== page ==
No, it really hasn't. It's a house of cards built inside a house of cards and it is fraught with peril.
I originally wrote the "Please don't virtualize" sticky in response to people trying to do stupid tricks with RDM, nonredundant datastore drives (which is IIRC what this post was originally about), and PCIe passthru on old janky pre-Sandy-Bridge platforms.
I quickly followed it up with the "guide to not losing your data" sticky, because it's really not a "this can never be made to work" but really much more of a "you need to think this through and be so careful in your choices and testing and it isn't guaranteed to work".
My posts all predated the iX blog post by like two years so it was kind of a rotten posting on their part as it added a bunch of confusion to the issue. Their developer team was basically like "oh, but, like, we do this all the time and it's fine." The trick being that there are things you can do in a development environment where you do not truly care about the safety and longevity prospects of your data. Yes you can just cram some VMDK's on RAID0 ESXi datastores and then make them into a RAIDZ, but you won't be getting health monitoring through FreeNAS and you can lose your pool because of it.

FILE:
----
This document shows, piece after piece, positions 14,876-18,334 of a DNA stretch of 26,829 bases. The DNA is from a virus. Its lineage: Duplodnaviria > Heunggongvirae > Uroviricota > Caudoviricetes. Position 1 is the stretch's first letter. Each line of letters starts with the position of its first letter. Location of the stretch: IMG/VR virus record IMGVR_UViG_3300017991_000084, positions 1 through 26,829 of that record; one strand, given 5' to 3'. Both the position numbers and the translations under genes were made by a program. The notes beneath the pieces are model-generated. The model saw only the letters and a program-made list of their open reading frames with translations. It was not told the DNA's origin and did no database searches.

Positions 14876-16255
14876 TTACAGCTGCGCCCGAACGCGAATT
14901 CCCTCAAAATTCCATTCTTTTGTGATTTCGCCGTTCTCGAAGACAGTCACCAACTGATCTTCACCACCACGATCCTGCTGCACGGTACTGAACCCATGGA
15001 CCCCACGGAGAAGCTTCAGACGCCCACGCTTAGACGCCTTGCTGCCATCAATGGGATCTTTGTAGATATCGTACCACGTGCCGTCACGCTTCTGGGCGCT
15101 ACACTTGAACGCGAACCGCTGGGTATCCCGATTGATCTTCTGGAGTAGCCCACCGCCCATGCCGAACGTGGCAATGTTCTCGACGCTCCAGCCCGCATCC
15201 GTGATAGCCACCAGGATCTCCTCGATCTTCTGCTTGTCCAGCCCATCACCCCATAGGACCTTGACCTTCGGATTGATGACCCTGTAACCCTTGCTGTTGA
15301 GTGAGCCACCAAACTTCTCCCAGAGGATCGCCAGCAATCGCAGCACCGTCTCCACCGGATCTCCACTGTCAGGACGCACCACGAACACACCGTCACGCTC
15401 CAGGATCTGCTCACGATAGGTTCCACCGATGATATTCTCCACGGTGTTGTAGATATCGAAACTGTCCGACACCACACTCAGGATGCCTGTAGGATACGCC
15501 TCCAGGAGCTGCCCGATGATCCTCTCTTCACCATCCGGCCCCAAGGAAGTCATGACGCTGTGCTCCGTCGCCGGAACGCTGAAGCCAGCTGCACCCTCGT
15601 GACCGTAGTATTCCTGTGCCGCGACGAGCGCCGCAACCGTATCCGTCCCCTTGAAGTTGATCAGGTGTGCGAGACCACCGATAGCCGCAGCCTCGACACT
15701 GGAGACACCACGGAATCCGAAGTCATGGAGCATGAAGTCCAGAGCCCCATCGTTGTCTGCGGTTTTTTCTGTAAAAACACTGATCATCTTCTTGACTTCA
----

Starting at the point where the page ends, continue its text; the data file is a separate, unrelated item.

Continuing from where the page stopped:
So, basically, yes, you can virtualize FreeNAS, but trying to do so with arbitrary hardware can end in disaster. If you pick a nice X9 or newer Supermicro board (almost all of which do PCIe passthru fine) and do PCIe passthru of the Intel SATA or an LSI HBA, and you build your system like you would a bare metal FreeNAS, you have VERY good chances of being able to make it work, but you may still have a few bumps and bruises along the way. The "guide to not losing your data" is literally the golden path to success I've used here for many years, and is a better guide than the iX blog post which seems to try to take tangents to cover random possibilities that might not be such good ideas.